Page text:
• Nick Dent

The Life of Spice

Updated: Apr 11, 2019

How much would you pay for the perfectly flavoured food? Well once, the entirety of Manhattan was traded for some nutmeg trees.


You may have heard that Manhattan—then New Amsterdam, now New York (so good they renamed it twice)—was traded to the English, but what did The Netherlands get in return? A tiny island, about two miles long and less than a mile wide, called Run. Have you heard of it? It's certainly no New York nowadays, but this tiny island has had a comparable impact on world history for one main reason: nutmeg.

Nutmeg (Myristica fragrans): stem with fruit and nut and floral segments. Coloured lithograph by C. Rosenberg, c. 1850, after himself

Nutmeg is produced by several species of the genus Myristica, with true nutmeg being produced by Myristica fragrans. These are evergreen trees, which grow generally 15m tall, but have been found up to 30m. They are from a family of early-evolving angiosperms. The family has representatives in Africa, the Americas, Asia and the Pacific Islands. Despite having 21 genera with over 500 species, they are still sometimes called ‘The Nutmeg Family’. Nutmeg historically is a hugely important crop and wherever it appears it tends to have things named after it. Indeed, the presence of Nutmeg, as well as native cloves, lead the Maluku Islands where they grow to be historically known as ‘The Spice Islands’.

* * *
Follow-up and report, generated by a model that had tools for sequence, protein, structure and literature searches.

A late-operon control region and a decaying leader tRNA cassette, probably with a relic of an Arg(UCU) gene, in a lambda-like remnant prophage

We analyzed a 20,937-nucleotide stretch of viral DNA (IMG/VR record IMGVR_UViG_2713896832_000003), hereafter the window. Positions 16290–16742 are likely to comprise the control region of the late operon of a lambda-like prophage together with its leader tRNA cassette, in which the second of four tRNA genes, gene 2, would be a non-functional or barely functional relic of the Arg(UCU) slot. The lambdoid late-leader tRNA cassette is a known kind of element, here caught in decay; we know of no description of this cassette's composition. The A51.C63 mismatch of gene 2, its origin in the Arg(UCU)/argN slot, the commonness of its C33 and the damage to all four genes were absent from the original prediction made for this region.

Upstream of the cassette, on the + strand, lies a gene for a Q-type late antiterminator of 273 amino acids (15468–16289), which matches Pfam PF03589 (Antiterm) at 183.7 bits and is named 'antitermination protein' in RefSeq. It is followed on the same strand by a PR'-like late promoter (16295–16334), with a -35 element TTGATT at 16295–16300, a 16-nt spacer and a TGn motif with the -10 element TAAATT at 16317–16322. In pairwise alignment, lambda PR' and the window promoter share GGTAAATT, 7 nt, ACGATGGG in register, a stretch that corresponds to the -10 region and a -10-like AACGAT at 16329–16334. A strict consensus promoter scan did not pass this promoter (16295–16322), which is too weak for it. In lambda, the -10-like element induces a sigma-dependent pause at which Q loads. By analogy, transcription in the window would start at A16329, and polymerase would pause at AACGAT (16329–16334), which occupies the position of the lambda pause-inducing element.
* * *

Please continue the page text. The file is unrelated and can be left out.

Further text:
Nutmeg (you might have some in your kitchen right now) is an unassuming spice with a slightly warm, sweet taste, used in recipes as varied as mulled wine to tortellini. A spice is a substance made from plants used to give flavour to food; they can be made from seeds (nutmeg, or mustard), root (ginger), bark (cinnamon) or fruit (cayenne pepper) but crucially not the leaves, flowers or stems, which are used to produce herbs. Some plants such as coriander can produce both herbs and spice. Nutmeg is usually ground or grated into food, personally I put a little bit in my mashed potato. The fruit where we get nutmeg also provides another spice, mace, which is made from the aril, or seed covering. This spice is unrelated to mace spray. While pepper spray does use capsaicin, which gives peppers their heat, mace spray is instead named after the medieval weapon; maces.